Sight words are words that are not decodable (cannot be sounded out) for one of two reasons:
- They do not follow regular phonics rules
- The phonics rule has not been taught yet.
When I first tried to buy beginning phonics books for my daughter, they usually came with words that were clearly not beginning. They included words like “Wednesday” or “leaves,” or “friends.” My daughter was struggling with “fun” and “it.” She would have lost all confidence, joy, and pride in being able to read a book independently if she’d encountered words that were too complicated for her. It seemed like almost every beginning phonics book I found did this and this was a big part of why I decided to write books for her. I wanted to limit the words so she could succeed. (Little did I know that my decision, “I’ll just write books for her,” would end up helping so many other new readers.)
To help beginning readers, the first several steps of DOG ON A LOG Books limit sight words to short words that are necessary when writing a story. As the steps advance and reading skills become more established, the sight words will get bigger. Sight words bring so much more depth to books, plus children will encounter them in other reading. I list the sight words so that the children can be prepared in advance of reading, if necessary.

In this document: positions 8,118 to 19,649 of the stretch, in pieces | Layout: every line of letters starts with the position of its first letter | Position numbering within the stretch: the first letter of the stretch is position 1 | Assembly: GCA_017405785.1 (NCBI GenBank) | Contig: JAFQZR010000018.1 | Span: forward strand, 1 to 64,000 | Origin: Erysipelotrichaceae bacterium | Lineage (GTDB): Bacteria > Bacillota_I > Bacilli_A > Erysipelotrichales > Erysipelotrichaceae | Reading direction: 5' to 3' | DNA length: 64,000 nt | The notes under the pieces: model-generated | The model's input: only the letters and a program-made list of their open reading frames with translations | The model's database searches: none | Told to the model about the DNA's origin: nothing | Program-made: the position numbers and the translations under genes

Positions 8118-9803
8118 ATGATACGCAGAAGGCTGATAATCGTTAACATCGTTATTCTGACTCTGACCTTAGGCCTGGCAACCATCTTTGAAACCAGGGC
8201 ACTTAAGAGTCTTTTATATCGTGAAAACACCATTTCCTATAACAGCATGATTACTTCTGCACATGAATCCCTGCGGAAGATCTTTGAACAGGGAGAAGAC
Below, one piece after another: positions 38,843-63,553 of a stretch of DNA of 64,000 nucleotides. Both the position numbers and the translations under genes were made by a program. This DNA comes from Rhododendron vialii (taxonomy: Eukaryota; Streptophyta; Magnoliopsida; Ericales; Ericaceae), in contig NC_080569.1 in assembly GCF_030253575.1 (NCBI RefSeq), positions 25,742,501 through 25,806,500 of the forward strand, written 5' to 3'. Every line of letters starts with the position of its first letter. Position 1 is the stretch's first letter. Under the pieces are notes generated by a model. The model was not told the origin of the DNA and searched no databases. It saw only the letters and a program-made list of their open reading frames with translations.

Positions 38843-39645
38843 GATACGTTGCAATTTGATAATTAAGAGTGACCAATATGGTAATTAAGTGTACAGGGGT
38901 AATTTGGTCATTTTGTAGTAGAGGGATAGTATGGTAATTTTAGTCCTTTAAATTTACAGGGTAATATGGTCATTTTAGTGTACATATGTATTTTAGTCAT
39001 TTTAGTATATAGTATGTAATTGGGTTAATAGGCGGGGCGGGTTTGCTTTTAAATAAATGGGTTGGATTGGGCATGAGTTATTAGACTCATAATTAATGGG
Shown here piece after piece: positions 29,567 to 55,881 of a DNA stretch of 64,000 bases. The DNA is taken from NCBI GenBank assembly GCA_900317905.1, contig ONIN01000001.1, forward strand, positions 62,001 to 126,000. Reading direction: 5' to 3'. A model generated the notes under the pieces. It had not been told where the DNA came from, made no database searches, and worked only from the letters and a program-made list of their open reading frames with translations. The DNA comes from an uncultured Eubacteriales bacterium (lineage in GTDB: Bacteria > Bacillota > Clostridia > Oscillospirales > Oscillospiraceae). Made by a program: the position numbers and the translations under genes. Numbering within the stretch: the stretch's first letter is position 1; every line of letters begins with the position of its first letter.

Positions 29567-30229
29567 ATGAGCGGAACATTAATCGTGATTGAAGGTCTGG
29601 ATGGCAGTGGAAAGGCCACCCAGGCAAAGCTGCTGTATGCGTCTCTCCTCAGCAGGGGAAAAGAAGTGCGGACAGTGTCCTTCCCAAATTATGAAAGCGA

Below are the sight words that are introduced in each step. They will be seen again in following steps. Not every sight word is seen in every book.
a, are, be, does, go, goes, has, he, her, his, into, is, like, my, of, OK, says, see, she, the, they, to, want, you
could, do, eggs, for, from, have, here, I, likes, me, nest, onto, or, puts, said, say, sees, should, wants, was, we, what, would, your
as, Mr., Mrs., no, put, their, there, where
come, comes, egg, pull, pulls, talk, walk, walks
so, some, talks
Hmmm, our, out, Pop E., TV
Dr., friend, full, hi, island, people, please
about, aunt, cousin, cousins, down, friends, hi, inn, know, knows, me, one, ones